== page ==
Most importantly, we have systematically studied the relationship between PEG coating and the in vivo behavior of SWNTs. Prolonged blood circulation time is generally desired for drug delivery and tumor targeting. We have concluded that long PEG coatings on SWNTs generally confer a prolonged blood circulation half-life, reduced RES uptake and accelerated excretion (Fig. 12). Moreover, PEGs having a branched structure offer a more efficient coating on an SWNT surface than linear PEGs, and allow a longer SWNT blood circulation half-life, namely, ~5 h for branched PEG compared with ~2 h for linear PEG of the same molecular weight (7 kDa) (Fig. 12) [45]. Another recent study by Yang et al. obtained an even longer blood circulation half-life (22 h) using covalently PEGylated SWNTs [118]. These results are thus important guides to future research into the use of carbon nanotubes for in vivo biomedical applications.

Figure 12
In vivo pharmacokinetics and long-term biodistribution of SWNTs with different PEG coatings (Fig. 2(c)) measured by Raman spectroscopy. (a) Blood circulation curves of different PEGylated SWNTs after intravenous injection to mice. Long and branched PEG ...

6. In vivo tumor targeting and preliminary efforts towards in vivo cancer therapy

In order to use CNTs for potential cancer treatment and/or imaging, targeting nanotubes to tumors is highly desirable. Both passive targeting, relying on the enhanced permeability and retention (EPR) effect of cancerous tumors, and active targeting guided by tumor targeting ligands, have been employed for various nanoparticle-based drug delivery systems. Thus far, there are two published papers reporting in vivo tumor targeting by CNTs conjugated with targeting ligands. We showed that efficient tumor targeting was achieved by conjugating a RGD peptide—which recognizes integrin αvβ3, known to be up-regulated on various solid tumor cells and tumor vasculatures—to PEGylated SWNTs [44]. SWNTs with two different PEG coatings conjugated with both RGD peptide and radiolabels (64Cu-DOTA) were intravenously injected into glioblastoma U87MG tumor-bearing mice, which were monitored by micro-positron emission tomography (micro-PET) over time (Fig. 13). RGD-conjugated SWNTs with a long PEG coating (SWNT–PEG5400–RGD) exhibited a high tumor uptake of ~13% of injected dose per gram tissue (%ID/g), compared with 4%–5% ID/g obtained with plain SWNTs without RGD (SWNT–PEG5400). Interestingly, we found that efficient tumor targeting could only be realized when SWNTs were coated with long PEG (SWNT–PEG5400–RGD) but not with short PEG (SWNT–PEG2000–RGD). The latter had short blood circulation time, and thus lower probability of being trapped in tumors or to bind the tumor receptors. Our data suggest that surface functionalization of SWNTs is also important for tumor targeting in vivo. Another study carried out by McDevitt et al. [129] showed tumor targeting of CNTs by antibody conjugation.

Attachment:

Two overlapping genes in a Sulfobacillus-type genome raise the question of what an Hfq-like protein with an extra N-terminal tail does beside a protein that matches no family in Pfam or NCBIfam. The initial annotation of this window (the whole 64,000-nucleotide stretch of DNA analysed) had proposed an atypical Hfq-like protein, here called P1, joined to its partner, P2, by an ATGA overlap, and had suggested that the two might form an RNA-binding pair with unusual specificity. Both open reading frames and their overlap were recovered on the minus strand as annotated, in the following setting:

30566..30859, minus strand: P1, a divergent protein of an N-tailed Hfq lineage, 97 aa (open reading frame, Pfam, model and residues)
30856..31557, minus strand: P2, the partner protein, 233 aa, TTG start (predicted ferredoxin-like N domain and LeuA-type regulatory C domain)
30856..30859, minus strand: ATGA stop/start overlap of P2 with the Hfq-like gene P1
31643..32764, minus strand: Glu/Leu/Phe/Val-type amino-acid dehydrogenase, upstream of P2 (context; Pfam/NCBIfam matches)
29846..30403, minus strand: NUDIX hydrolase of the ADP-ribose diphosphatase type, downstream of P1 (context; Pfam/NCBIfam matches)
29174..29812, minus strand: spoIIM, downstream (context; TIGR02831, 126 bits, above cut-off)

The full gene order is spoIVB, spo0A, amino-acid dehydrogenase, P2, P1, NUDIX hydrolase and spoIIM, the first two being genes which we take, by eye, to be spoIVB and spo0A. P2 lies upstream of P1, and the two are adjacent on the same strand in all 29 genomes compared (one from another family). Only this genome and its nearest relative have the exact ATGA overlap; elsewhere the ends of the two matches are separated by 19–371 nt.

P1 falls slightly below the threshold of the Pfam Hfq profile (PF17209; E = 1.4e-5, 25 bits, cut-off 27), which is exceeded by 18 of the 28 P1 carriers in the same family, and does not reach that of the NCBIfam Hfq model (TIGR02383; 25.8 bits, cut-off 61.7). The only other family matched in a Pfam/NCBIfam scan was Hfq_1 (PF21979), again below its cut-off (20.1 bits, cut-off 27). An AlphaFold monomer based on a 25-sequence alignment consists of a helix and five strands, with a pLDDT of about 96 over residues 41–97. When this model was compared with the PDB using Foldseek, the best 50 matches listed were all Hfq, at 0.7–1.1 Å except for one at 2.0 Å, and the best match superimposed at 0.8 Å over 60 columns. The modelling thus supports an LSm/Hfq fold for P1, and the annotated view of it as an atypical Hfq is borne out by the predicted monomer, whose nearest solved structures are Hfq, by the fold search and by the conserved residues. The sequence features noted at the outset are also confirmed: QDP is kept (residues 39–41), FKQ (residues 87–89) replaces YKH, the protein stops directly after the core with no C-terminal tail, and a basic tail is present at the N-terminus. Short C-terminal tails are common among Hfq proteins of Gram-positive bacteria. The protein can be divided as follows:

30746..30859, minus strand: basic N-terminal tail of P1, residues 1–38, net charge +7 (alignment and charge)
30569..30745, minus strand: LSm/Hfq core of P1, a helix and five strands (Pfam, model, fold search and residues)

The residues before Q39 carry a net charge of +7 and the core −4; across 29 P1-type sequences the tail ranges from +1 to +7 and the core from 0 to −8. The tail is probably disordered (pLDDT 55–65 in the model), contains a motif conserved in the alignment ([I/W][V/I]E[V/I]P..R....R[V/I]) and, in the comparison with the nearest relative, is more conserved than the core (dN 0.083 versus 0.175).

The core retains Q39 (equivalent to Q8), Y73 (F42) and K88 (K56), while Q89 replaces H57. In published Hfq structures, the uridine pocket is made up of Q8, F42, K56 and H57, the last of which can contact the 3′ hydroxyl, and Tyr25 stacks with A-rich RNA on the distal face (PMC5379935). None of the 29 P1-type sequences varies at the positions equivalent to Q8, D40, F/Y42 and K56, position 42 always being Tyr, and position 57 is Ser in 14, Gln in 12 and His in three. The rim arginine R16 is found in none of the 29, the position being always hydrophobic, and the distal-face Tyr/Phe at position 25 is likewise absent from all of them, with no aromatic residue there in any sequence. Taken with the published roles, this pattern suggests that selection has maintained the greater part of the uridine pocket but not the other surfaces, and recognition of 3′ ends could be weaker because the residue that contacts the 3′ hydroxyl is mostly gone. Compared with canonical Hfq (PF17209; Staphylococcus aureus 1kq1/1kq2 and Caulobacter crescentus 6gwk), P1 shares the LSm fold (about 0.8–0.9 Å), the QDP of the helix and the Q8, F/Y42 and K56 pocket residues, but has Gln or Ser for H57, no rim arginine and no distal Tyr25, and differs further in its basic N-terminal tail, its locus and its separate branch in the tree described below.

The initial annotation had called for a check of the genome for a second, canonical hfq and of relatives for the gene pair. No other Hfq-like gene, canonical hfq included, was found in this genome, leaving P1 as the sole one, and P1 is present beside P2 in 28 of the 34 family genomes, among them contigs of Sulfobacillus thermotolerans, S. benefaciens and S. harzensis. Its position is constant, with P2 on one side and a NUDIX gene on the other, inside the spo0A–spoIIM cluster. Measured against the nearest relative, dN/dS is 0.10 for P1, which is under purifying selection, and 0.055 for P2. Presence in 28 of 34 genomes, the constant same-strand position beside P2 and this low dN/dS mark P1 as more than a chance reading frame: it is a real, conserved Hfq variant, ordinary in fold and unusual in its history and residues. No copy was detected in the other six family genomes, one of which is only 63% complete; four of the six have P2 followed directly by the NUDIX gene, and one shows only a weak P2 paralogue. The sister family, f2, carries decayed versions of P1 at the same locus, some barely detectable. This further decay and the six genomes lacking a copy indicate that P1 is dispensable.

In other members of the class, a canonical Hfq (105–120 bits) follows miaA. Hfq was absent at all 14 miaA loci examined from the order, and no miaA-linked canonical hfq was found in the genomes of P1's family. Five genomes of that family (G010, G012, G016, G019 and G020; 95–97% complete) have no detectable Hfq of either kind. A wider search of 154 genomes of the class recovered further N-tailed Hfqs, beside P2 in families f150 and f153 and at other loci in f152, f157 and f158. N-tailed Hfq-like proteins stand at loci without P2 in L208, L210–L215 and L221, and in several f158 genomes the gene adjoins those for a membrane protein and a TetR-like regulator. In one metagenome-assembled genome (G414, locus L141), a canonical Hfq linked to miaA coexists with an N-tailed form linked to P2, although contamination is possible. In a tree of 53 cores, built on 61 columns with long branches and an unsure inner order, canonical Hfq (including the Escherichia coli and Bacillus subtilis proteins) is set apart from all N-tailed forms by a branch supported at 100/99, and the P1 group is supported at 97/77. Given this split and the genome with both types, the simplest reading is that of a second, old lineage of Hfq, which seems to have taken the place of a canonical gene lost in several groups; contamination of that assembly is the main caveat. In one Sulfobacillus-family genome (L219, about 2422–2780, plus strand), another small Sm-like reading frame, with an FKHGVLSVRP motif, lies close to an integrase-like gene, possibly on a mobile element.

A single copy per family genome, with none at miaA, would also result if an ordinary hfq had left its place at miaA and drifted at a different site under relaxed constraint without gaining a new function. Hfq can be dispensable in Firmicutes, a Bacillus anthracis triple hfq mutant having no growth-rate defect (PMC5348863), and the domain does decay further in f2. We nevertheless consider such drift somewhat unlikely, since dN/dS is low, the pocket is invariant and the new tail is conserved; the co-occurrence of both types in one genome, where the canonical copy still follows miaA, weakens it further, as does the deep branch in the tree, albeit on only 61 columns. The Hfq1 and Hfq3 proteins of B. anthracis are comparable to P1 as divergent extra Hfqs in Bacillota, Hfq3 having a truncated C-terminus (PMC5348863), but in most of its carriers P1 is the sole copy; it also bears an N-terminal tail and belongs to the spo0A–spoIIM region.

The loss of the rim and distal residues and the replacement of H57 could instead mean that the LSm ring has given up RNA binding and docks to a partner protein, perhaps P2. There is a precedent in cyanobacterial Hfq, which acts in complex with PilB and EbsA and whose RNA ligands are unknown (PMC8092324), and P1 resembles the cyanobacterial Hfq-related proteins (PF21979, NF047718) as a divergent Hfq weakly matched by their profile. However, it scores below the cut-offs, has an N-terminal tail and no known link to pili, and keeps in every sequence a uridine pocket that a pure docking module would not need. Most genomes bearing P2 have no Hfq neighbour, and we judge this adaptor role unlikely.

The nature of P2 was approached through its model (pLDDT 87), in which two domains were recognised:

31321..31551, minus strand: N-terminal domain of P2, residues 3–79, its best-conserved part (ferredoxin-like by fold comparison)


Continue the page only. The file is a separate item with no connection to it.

Figure 13
In vivo tumor targeting with SWNTs. (a) Scheme of PEGylated SWNTs with RGD conjugation and radiolabeling. (b) Micro-PET images of mice. Arrows point to the tumors. High tumor uptake (~13 %ID/g) of SWNT–PEG5400–RGD is observed in the U87MG ...

The first in vivo cancer treatment study with CNTs was reported by Zhang et al. using positively charged SWNTs to delivery therapeutic siRNA into cancer cells [139]. However, this was a proof-of-concept study, with SWNT–siRNA complexes directly injected into tumors, instead of systemic administration. Our recent work showed that paclitaxel (PTX), a commonly used chemotherapy drug, may be conjugated to branched PEG functionalized SWNTs via a cleavable ester bond (Fig. 14(a)) [37]. The SWNT-PTX conjugate was tested in a 4T1 murine breast cancer model in mice, exhibiting improved treatment efficacy over the clinical Cremophor-based PTX formulation, Taxol® (Fig. 14(b)). Pharmacokinetics and biodistribution studies revealed longer blood circulation half-life and higher tumor uptake of SWNT–PTX than those of simple PEGylated PTX and Taxol®, consistent with the observed efficacies of different PTX formulations. The high passive tumor uptake of SWNT–PTX is likely due to the EPR effect. In addition, PTX molecules carried to RES organs (e.g., liver and spleen) by SWNTs were rapidly dissociated from nanotubes and excreted, diminishing the RES toxicity of this SWNT-based PTX formulation. Our work is the first to show that carbon nanotubes can be used for in vivo drug delivery for cancer therapy by systemic administration [37].

Figure 14
In vivo drug delivery with carbon nanotubes for cancer treatment. (a) Schematic illustration of paclitaxel conjugation to SWNT functionalized by phospholipids with branched-PEG chains. The PTX molecules are reacted with succinic anhydride (at the circled ...